- Syntactic change: A minimalist approach to grammaticalization
A quarter of a century ago, David Lightfoot began to explore the diachronic implications of adopting a formal syntactic framework of the type elaborated in those decades by Noam Chomsky and his associates. Over this span of years, Lightfoot’s work has devastatingly criticized approaches to syntactic change (e.g. those based on notions such as ‘drift’) that cannot be reduced to the inescapable and most basic reality of language, namely true cognitive objects (grammars) present in the mind/brain of individual speakers. This groundbreaking work has provided us with an important demarcation criterion between scientific investigation of diachronic syntax, based on the study of the objects above (essentially I-languages, in Chomsky’s (1986) terms), and more unrealistic and less safe idealizations whose explanatory apparatus assumes the existence of such dubious entities as genetic memory. The tightening of scientific requirements imposed by this fundamental line of reasoning has had the effect of forcing scholars to rethink the status of many classical phenomena that seem anyway to have some salience in historical linguistics, most notably the concept of derivation of one language from another, that of apparently (uni)directional change, if not the very notion of E-language (again in Chomsky’s (1986) sense), as traditionally used in historical linguistics. Some of the work of the last years is thus attempting to reconstruct the useful part of the diachronic apparatus within the new, more severe epistemological bounds made unavoidable by Lightfoot’s work and more generally by the rise of the generative biolinguis-tic program. Keenan’s (1996, 2002) hypothesis of inertia and its interaction with even the classical notion of etymology in Longobardi 2001, the attempt to elaborate a historical-comparative method [End Page 428] from parametric syntax (Guardiano & Longobardi 2005), securing the very notion of historical relatedness in the cognitive framework, the explicit formulation of a ‘logical problem of language change’ (Clark & Roberts 1993), and the collection of controversial essays on syntactic reconstruction put together by Ferraresi and Goldbach (2008) all bear witness to this trend.
Syntactic change targets precisely a much debated concept of formal and less formal historical linguistics, going back at least to Meillet (1912) and definitely in need of serious reconsideration in the biolinguistic framework, namely the concept of grammaticalization. Roberts and Roussou aim at providing an account of grammaticalization within the minimalist framework, supporting the analysis with a number of relevant case studies. Grammaticalization is intended as a diachronic change that involves ‘the creation of new functional material, either through the reanalysis of existing functional material or through the reanalysis of lexical material’ (2). The authors claim that this process is epiphenomenal, in that it can be reduced to a regular parametric change, which leads to structural simplification. The related questions that they address in order to give an exhaustive theoretical account of the issue are: (i) the reason why syntactic change in general is so common in languages, given that according to the minimalist program languages are perfect systems, which in principle should not vary over time; (ii) the nature and the inventory of functional categories, whose definition plays a fundamental role in the analysis of the process; and (iii) the apparent conflict between a descriptive approach to grammaticalization, based on the empirical evidence that the process follows clear paths of development in languages, and the explanatory adequacy of the minimalist model, which does not necessarily suggest privileged directions of shift in parametric change.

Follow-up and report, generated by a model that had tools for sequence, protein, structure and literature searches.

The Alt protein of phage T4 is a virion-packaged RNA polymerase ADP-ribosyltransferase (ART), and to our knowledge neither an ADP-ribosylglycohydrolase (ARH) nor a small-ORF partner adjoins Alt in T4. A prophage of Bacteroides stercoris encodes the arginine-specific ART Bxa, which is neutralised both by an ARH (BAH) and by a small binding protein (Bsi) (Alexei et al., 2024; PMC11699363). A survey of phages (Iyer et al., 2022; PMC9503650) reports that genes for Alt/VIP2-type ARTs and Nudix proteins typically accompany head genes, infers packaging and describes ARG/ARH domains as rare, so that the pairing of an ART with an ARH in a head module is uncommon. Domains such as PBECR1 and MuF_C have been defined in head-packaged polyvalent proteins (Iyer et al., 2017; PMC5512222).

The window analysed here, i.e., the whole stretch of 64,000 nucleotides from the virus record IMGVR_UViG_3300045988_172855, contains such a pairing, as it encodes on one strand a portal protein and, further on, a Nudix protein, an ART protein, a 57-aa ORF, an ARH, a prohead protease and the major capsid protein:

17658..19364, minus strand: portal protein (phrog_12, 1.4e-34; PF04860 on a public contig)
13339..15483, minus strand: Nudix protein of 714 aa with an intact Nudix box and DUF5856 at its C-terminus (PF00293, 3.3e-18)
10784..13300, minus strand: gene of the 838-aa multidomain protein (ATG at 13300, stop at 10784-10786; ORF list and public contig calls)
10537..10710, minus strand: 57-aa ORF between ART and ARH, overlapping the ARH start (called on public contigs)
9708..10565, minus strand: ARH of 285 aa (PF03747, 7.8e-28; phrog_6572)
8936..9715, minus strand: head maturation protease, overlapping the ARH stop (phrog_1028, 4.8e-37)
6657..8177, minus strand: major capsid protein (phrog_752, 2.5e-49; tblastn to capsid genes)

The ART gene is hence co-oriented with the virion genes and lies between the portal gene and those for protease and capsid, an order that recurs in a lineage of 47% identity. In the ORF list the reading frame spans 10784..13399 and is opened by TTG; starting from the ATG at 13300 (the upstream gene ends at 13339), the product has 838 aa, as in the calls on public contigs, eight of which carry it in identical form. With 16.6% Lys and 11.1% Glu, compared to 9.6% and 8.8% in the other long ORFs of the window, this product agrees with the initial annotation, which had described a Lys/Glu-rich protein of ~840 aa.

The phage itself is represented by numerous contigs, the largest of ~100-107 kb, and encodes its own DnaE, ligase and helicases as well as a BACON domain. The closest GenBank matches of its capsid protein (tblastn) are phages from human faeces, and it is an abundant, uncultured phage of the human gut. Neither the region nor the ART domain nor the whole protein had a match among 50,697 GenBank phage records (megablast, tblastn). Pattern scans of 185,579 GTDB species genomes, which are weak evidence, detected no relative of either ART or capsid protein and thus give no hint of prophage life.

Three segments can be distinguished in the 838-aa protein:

R&R start by pointing out that the study of linguistic change within the minimalist program poses a logical problem, which derives from hypotheses about the process of language acquisition. According to the principles-and-parameters theory (PPT), the points of crosslinguistic variation in syntax lie essentially in the assignment of different parametric values in different languages. Language acquisition precisely consists of setting these values in accordance with the empirical evidence that the learner is exposed to, that is, with the trigger experience. Thus the process is idealized as deterministic...